I don’t know if it’s fair to review a book published on Lulu, but I paid my $32 (It would have been more, but I had a coupon), so I have an opinion on this one. I bought it for Huston’s lovely infrared photos, which are the highlight of the book. To be honest, though, I prefer the black-and-white ones to the ones in which the colors have been touched up. Perhaps it’s the reproduction, but the colors look tacky to me, detracting from the lovely scenery.
The minimal text could have benefited from both editing and proofreading. The introductory essay makes some excellent points about the fragility of graveyards, but winds in circles and dilutes its own authority. Later, a brief quote from Kahlil Gibran (whose connection to New Orleans isn’t clear to me) manages to contain two typos. In fact, I would have preferred if Huston had ditched the unnecessary epigrams from Shakespeare, the Buddha, and Christina Rossetti. Houston’s notes on the cemeteries and monuments — relegated to a list at the end of the book — are more interesting. One hopes she’ll make some changes in the third edition.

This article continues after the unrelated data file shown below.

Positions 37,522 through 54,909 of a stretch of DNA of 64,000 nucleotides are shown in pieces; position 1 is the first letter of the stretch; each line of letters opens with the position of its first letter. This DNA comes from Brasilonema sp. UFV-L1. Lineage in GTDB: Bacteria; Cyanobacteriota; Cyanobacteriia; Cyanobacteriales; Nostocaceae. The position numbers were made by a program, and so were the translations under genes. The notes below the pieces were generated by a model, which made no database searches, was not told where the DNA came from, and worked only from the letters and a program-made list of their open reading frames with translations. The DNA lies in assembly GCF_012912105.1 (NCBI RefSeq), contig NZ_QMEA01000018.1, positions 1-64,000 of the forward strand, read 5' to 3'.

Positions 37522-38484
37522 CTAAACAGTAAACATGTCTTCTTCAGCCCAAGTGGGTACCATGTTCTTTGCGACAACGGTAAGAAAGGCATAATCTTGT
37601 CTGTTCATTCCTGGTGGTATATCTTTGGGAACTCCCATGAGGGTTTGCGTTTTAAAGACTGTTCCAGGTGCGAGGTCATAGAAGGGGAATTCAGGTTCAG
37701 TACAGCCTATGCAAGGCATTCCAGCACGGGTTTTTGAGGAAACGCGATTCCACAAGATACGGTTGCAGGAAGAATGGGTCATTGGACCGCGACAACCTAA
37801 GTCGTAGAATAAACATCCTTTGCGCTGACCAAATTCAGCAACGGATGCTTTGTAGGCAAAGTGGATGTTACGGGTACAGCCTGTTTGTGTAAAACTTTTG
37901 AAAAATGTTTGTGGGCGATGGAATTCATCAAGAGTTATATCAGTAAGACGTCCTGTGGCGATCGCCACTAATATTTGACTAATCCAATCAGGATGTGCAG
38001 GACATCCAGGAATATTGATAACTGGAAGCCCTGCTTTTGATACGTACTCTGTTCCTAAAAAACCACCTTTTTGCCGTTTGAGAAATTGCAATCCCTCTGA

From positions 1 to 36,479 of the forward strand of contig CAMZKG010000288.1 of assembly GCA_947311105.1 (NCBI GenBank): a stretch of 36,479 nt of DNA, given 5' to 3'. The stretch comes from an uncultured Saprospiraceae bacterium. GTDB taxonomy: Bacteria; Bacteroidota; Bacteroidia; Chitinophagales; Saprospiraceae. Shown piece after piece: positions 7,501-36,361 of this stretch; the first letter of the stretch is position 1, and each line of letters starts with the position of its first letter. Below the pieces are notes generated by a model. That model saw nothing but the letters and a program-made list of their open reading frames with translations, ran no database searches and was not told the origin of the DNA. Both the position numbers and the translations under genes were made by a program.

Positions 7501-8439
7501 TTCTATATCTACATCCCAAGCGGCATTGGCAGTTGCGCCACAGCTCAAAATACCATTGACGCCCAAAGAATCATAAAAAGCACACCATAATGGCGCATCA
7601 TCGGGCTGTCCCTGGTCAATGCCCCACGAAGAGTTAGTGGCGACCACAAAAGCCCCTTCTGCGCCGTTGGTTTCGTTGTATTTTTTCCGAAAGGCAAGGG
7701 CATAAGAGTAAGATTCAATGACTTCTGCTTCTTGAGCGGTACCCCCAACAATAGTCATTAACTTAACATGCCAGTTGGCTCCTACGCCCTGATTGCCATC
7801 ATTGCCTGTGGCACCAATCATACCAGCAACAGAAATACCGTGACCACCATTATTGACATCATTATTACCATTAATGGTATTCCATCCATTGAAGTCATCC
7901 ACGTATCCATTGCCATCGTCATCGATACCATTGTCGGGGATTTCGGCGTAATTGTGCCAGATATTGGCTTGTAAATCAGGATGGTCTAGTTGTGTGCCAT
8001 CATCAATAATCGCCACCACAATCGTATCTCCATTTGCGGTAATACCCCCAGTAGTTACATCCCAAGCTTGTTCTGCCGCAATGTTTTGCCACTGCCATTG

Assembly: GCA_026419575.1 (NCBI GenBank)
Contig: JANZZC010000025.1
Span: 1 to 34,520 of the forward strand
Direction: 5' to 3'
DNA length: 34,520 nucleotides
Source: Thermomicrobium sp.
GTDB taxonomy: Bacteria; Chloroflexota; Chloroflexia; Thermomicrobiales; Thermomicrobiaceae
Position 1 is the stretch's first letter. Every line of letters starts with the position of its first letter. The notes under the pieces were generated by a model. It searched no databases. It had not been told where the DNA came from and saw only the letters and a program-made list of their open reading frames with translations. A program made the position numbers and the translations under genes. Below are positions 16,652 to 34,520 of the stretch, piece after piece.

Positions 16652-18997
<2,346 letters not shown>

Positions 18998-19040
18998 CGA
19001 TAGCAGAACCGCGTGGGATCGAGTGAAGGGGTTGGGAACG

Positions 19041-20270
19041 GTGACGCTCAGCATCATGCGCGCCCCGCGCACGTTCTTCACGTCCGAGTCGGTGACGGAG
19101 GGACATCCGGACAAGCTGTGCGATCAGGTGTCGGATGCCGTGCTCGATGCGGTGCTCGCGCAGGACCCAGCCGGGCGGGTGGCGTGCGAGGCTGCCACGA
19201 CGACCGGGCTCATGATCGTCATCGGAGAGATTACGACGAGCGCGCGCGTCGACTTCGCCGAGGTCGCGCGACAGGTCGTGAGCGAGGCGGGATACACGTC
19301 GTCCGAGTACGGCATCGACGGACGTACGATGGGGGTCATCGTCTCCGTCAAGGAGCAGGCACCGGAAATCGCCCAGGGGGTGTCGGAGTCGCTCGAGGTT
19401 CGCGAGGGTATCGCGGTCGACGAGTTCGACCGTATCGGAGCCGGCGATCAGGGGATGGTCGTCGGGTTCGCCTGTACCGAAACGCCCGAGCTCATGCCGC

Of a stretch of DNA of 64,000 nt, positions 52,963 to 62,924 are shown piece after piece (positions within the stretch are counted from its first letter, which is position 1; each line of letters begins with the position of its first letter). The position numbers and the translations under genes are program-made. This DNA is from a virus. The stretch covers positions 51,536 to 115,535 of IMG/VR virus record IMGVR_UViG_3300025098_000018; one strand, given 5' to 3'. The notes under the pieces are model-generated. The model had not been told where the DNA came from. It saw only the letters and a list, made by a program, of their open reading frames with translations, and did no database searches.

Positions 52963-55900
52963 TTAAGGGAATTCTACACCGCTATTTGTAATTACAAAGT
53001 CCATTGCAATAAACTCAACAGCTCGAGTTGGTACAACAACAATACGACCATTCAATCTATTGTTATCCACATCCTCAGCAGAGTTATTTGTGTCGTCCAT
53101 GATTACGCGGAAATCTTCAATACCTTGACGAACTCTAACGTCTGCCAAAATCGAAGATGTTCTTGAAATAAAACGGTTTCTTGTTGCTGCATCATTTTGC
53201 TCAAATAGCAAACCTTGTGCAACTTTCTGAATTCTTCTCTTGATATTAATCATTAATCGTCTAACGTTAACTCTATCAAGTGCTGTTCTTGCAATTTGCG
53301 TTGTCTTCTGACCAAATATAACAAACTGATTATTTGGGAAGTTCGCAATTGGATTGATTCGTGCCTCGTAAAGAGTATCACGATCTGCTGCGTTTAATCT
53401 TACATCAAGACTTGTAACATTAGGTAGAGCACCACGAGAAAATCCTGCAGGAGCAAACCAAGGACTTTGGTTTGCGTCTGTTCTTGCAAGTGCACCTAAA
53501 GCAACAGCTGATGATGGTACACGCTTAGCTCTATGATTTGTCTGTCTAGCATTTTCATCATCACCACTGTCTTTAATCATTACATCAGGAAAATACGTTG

The prologue to the 2005 edition says that Huston is donating her profits from the book, in the aftermath of Hurricane Katrina, to the Red Cross and Save Our Cemeteries, a New Orleans organization which restores the historic graveyards. That takes some of the sting out of paying for this book.
You can order it from Lulu…